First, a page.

Adrian Beaulieu, dean of international studies at Providence College, said that since 2004 there has been a clear movement away from blanket bans of study abroad in Israel. Increasingly, colleges allow it with some restrictions – such as requiring signatures on specialised waivers. Stacey Tsantir, director of international health, safety and compliance at the University of Minnesota, said the university does not approve travel to Israel across the board, but an International Travel Risk Assessment and Advisory Committee considers petitions from individual students, as well as from departments or units that wish to sponsor a study-abroad programme in a country on the State Department Travel Warning List. “Israel is one of the most common petitions made by undergraduate- and graduate-level students and is commonly approved,” Tsantir said.
The University of California restarted its formal study-abroad programme in partnership with the Hebrew University of Jerusalem in 2009. Also in 2009, at UC Davis, a student group called the EAP Equality Coalition formed to oppose a faculty-led summer study-abroad programme to Israel on Arab-Israeli relations. “We argued that the idea of the study-abroad programme was inherently discriminatory against students who are Arab and Muslim,” said Abla Harara, a 2010 graduate of UC Davis who spearheaded the campaign. “Any students whose names raised red flags would automatically be stopped for questioning at the airport.” (The EAP Equality Coalition’s petition can be found here.)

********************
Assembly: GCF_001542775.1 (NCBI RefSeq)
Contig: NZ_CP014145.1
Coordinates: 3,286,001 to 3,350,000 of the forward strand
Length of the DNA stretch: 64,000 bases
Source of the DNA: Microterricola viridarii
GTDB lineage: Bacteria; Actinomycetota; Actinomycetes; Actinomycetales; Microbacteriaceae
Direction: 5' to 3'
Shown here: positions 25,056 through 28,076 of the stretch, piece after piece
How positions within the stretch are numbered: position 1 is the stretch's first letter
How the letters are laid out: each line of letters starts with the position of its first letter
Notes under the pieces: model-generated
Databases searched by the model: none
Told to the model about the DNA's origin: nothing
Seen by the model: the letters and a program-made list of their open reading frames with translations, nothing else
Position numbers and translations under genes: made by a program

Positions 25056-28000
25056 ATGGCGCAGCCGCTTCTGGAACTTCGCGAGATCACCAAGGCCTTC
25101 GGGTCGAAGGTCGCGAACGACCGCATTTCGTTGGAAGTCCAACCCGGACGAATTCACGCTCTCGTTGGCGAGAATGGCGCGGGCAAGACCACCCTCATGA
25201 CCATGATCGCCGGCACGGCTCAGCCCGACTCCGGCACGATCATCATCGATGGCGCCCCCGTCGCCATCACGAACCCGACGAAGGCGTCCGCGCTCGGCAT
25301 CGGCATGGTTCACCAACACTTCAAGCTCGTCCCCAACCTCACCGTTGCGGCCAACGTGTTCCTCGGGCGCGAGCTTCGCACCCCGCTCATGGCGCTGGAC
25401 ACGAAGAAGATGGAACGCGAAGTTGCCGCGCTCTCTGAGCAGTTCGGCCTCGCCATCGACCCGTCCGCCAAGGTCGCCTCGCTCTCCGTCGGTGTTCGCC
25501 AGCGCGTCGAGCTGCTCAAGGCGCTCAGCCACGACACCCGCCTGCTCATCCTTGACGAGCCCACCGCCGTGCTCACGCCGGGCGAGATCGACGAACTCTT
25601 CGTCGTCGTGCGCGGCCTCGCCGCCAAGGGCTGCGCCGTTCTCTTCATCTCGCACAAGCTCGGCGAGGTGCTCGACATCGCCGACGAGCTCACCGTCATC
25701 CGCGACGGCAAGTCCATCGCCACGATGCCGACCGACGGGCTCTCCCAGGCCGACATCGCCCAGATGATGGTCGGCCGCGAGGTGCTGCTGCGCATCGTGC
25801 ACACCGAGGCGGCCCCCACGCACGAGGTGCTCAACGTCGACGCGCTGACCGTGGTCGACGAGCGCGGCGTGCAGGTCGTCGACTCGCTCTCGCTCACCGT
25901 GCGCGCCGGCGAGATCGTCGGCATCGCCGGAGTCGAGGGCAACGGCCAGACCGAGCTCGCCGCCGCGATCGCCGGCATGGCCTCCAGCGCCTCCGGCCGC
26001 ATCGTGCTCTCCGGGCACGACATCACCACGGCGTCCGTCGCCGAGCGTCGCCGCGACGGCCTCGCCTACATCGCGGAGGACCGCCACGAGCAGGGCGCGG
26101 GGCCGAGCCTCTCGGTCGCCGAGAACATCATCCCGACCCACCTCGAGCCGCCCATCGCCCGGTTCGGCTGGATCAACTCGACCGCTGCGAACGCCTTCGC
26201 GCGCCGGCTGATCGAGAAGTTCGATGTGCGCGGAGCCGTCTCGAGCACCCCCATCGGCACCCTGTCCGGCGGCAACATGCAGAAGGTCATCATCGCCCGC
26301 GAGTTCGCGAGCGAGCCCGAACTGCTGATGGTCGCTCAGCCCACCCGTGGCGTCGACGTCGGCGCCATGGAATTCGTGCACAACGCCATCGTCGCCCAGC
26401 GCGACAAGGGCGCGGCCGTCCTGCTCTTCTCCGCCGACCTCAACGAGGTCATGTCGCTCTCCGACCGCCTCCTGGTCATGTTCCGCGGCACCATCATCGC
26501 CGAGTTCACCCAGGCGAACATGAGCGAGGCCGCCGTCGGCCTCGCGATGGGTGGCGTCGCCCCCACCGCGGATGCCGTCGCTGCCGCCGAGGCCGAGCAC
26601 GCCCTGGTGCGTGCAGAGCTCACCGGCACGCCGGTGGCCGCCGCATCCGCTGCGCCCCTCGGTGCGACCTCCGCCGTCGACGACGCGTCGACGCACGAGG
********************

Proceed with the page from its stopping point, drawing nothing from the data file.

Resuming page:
Zeev Maoz, the UC Davis professor who taught the summer study-abroad course – and still does; it’s scheduled again for summer of 2012 – said the petition had no practical effect. “I think what happened is a bunch of people with certain political views and significant academic hypocrisy tried to prevent students from engaging in an intellectual endeavour. And it just didn’t work,” said Maoz, a distinguished professor of political science.
Maoz said he hadn’t seen similar protests regarding study abroad in countries like Lebanon or Syria – countries he cannot travel to because of his Israeli origin. That said, he criticised academics who would seek to curtail international study of any sort. “I’m a critic of Israeli policies – don’t get me wrong – but that aside, I think that students have the right to study Israeli-Arab relations. If there’s an opportunity to study by going to the place, by meeting Israelis, meeting Arabs, anyone who objects to it shouldn’t be holding an academic position, because academia is about intellectual curiosity, about studying even things that you don’t necessarily like or agree with.”
Klein, of CSU Northridge, said that cutting off engagement with Israeli universities is an exercise of academic freedom, not an abridgement of it: “We’re choosing not to have relationships with institutions that participate in apartheid, in the same way that in the lead-up to World War II, universities broke off relations with universities in Nazi Germany.”
Maoz, however, offered a different interpretation. “They’re raising the notion of academic freedom, and what they’re advocating is putting limits on academic freedom,” he said. “To me, this is the epitome of hypocrisy.”